Howard Gutman’s New Post
Social Media and the Law
I’ve never taken a selfie, I don’t tweet, and I really don’t know much about yik yak or Pinterest. But with a few searches, I can learn a whole lot about you—where you live, work, attended school, how much you paid for your home, and what’s your favorite movie. Most likely, I can watch a video of you slurring the words to “Livin’ on a Prayer” at some karaoke bar, and can easily track how much you donated to worthless politicians. And if I was really tech savvy, I’d probably know how you like your coffee, and whether it was really a flat tire that caused you to be late three weeks ago.
Nothing is secret anymore. I’m sure I’m filmed by hundreds of cameras each day as I walk the streets and drive the avenues of Brooklyn. They’re on buildings, in stores, on lamp posts, street lights. Heck, one home down the street must have a half dozen covering every window and door. Jay Z can’t even get slapped around in an elevator without everyone knowing. If you wish to remain anonymous, toss your iPhone into the Gowanus Canal and stop sending texts or emails. You realize, don’t you, that the internet is forever. Whatever is emailed, posted can always be retrieved and will be used if you’re ever involved in a lawsuit.
Used to be when you represented a plaintiff in personal injury or wrongful death litigation, defense counsel would request authorizations for educational, employment, medical records. Mostly bland, emotionless facts. Now they want to read your Facebook page, your Twitter account, and view every photo or video posted on Instagram. These reveal your thoughts, personality and philosophies—what you like, who you voted for, who you hang with, where you vacationed. No longer will discovery simply show that on April 2nd, your right arm and shoulder were x-rayed. Now the defense may be able to determine if you were in pain, and whether your injury prevented you from normal activities as you claimed in your deposition.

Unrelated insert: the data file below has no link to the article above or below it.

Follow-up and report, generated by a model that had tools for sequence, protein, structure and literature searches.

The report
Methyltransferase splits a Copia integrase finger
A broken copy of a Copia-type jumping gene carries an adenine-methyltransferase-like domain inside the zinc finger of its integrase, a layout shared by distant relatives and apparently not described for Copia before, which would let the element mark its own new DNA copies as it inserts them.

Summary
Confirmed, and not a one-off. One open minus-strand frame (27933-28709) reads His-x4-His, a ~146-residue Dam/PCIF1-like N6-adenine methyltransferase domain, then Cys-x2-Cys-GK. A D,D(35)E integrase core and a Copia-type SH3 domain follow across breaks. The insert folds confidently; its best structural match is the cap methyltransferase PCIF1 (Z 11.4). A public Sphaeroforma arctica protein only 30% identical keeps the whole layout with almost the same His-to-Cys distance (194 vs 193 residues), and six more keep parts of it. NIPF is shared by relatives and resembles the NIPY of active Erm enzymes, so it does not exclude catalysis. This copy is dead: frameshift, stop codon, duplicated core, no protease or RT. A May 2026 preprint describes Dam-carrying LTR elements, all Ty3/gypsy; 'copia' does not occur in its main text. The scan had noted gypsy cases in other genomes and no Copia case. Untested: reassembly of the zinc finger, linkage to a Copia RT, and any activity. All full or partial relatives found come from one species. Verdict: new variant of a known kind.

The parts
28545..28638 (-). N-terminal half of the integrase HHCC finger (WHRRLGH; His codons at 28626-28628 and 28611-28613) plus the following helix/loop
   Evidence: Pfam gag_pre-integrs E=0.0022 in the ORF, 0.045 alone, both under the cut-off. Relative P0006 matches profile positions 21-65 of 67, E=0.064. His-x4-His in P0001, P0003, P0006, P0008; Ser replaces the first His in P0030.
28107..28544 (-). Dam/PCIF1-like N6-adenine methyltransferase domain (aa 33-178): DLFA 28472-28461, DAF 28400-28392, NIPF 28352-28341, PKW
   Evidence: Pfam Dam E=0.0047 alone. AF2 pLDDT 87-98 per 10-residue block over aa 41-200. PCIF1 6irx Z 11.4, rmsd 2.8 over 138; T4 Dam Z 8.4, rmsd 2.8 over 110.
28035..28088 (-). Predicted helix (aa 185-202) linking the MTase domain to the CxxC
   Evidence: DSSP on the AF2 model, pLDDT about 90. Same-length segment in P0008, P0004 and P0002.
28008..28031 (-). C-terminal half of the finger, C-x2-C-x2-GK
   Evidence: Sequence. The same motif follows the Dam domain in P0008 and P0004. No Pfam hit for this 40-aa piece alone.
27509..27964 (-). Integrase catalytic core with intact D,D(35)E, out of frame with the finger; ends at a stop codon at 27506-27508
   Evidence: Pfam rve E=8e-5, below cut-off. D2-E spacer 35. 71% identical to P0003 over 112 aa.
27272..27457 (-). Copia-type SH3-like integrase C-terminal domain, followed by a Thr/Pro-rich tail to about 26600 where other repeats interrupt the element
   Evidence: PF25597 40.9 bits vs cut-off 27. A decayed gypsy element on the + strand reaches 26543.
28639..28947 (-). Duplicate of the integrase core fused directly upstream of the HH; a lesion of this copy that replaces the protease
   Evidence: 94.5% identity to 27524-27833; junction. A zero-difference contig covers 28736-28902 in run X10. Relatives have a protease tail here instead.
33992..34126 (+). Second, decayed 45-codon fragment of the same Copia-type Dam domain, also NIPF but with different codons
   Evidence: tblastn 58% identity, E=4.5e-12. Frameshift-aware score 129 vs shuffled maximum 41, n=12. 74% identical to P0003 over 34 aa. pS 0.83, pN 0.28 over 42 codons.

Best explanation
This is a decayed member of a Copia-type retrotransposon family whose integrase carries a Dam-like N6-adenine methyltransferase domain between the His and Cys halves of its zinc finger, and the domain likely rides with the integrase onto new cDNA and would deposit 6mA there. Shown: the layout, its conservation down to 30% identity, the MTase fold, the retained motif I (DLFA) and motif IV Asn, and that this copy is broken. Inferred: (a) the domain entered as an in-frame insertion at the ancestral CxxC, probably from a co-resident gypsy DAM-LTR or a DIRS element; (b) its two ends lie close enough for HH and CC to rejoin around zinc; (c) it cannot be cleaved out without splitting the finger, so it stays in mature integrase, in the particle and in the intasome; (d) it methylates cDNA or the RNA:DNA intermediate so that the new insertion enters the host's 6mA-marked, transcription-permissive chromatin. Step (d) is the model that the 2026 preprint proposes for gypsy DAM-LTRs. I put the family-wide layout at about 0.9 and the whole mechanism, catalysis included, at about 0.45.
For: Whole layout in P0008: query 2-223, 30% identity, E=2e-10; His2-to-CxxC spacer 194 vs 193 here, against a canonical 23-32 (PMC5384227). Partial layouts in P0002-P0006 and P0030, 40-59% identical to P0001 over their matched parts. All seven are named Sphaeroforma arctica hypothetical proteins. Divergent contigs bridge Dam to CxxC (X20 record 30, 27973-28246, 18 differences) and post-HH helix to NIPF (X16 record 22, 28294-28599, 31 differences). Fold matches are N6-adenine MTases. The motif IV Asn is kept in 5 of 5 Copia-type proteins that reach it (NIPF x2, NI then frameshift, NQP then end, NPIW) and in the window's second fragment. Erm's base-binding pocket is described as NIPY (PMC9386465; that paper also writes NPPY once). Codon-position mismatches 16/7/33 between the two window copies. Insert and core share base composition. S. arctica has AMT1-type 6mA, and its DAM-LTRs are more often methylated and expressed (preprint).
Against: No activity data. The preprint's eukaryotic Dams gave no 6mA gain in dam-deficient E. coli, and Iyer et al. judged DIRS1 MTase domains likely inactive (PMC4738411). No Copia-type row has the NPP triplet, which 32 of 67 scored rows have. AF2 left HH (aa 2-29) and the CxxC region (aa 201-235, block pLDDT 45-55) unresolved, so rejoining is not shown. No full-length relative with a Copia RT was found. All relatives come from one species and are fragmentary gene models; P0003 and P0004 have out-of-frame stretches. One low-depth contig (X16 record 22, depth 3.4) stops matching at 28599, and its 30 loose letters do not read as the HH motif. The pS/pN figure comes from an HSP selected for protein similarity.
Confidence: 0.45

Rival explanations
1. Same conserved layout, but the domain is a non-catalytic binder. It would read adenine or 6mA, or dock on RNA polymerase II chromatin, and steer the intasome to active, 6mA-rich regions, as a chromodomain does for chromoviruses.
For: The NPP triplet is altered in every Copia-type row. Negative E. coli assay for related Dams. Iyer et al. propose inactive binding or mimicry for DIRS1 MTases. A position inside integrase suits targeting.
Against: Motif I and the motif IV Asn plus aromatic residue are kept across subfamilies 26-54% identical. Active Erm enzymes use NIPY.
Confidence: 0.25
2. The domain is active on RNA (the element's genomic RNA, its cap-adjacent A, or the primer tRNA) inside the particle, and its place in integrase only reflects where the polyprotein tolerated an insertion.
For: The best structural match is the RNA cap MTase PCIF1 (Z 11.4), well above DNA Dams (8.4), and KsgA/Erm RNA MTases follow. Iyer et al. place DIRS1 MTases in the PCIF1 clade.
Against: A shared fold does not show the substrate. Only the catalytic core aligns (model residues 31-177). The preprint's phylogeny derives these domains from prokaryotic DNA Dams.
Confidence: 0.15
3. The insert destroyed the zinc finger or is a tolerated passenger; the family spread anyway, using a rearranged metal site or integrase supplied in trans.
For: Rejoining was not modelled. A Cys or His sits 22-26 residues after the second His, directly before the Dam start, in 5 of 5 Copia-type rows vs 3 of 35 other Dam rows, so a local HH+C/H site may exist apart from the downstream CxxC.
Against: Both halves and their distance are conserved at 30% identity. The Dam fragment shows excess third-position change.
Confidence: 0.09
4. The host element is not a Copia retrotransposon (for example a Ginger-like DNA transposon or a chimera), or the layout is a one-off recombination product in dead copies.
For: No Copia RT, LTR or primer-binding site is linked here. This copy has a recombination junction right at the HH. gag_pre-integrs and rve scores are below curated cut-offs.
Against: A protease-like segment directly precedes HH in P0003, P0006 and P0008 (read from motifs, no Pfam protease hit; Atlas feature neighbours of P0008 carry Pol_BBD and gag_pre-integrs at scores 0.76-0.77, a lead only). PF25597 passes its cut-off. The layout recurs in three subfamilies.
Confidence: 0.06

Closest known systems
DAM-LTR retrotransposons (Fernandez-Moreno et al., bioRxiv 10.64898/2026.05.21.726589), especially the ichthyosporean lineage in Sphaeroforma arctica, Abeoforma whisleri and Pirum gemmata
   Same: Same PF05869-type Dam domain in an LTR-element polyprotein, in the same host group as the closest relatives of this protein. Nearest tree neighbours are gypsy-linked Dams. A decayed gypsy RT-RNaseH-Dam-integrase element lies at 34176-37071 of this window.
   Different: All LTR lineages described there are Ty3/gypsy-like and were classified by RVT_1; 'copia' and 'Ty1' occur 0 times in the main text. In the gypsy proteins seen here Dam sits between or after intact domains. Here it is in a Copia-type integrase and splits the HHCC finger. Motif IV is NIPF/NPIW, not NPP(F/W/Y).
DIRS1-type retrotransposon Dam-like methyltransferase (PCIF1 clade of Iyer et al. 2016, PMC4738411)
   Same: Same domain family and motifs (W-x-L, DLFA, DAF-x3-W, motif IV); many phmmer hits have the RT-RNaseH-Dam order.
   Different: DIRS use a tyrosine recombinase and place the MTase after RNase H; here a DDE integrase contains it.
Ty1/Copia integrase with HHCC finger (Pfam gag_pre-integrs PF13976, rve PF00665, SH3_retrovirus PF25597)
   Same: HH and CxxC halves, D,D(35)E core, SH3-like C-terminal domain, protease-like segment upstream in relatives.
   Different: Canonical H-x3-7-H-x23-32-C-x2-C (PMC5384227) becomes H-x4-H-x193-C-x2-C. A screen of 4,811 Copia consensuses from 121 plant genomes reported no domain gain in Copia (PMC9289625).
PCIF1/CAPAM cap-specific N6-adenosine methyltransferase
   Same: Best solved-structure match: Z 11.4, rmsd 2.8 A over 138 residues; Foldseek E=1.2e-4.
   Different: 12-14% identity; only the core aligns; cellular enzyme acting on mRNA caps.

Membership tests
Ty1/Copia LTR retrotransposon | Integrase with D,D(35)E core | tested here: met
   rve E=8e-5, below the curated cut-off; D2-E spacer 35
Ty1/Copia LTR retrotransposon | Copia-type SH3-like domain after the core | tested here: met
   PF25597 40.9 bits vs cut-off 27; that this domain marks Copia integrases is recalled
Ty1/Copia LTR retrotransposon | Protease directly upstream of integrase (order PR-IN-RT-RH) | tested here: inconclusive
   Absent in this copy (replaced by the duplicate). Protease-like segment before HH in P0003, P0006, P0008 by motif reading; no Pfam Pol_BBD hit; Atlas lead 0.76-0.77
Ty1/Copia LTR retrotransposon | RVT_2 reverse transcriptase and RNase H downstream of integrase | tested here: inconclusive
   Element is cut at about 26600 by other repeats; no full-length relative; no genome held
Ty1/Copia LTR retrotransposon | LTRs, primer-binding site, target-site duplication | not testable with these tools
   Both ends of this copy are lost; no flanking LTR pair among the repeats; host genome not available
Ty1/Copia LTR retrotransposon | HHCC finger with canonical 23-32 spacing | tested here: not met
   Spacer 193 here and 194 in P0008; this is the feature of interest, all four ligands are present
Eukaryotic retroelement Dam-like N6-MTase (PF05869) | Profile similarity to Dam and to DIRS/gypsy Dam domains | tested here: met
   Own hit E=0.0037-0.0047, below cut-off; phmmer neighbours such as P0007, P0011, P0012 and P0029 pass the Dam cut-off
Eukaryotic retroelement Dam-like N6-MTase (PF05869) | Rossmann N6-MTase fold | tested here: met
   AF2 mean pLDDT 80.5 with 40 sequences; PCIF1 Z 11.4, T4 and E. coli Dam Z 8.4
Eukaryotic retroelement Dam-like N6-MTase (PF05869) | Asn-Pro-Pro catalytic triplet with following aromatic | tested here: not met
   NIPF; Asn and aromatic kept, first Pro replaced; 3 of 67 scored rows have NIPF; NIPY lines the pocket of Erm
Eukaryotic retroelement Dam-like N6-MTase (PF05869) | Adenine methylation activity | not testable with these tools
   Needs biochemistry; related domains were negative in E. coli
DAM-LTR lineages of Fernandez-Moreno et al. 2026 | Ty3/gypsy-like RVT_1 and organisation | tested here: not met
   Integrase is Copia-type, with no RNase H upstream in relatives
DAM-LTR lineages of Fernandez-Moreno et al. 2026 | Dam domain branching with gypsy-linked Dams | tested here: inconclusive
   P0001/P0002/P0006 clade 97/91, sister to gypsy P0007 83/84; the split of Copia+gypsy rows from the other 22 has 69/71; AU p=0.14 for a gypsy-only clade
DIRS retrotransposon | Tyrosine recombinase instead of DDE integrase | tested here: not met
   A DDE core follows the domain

For example: If someone posts a pic of you smiling at a party and you comment: “Had a great time, thanks.” Be forewarned that this will be a topic at your deposition.
“Previously, Mr. Nolan, you testified that your injury has made you depressed, that you really can’t enjoy yourself, enjoy life like you once did. Is that correct?
I show you this photo taken from your Facebook page….You look happy, don’t you?…Is that a wine glass in your hand?…This was a birthday party?…You had fun, didn’t you?….wrote that you had a great time, didn’t you?…And this was on June 11th, less than six months after your accident?…You didn’t write that you were depressed, did you?…that you were in pain, did you?…that you were unable to enjoy yourself, did you?…Now I show you another photo from your Facebook page…
Every posting has potential to influence the lawsuit. If you rant about Obamacare, or the NBA and Donald Sterling, this information may be used. And if by chance you go overboard and post a photo or statement that could be interpreted as racist, homophobic, etc., an ingenious attorney will certainly exploit this transgression.
So once retained, sit down with your client and examine what exists on social media. Bring a young lawyer or one of your teenagers to show you the latest sites, trends. Be thorough. Read every tweet, watch every video, no matter how old. Be prepared–for your adversary will, undoubtedly, obtain this material. The internet has not only changed how we live and communicate, but how we litigate.
Kenneth P. Nolan, Counsel to Speiser, Krause, Nolan & Granito, is the author of A Streetwise Guide to Litigation (American Bar Association 2013).
from Howard Gutman http://ift.tt/1kkGFA2
from WordPress http://ift.tt/1oO6y0y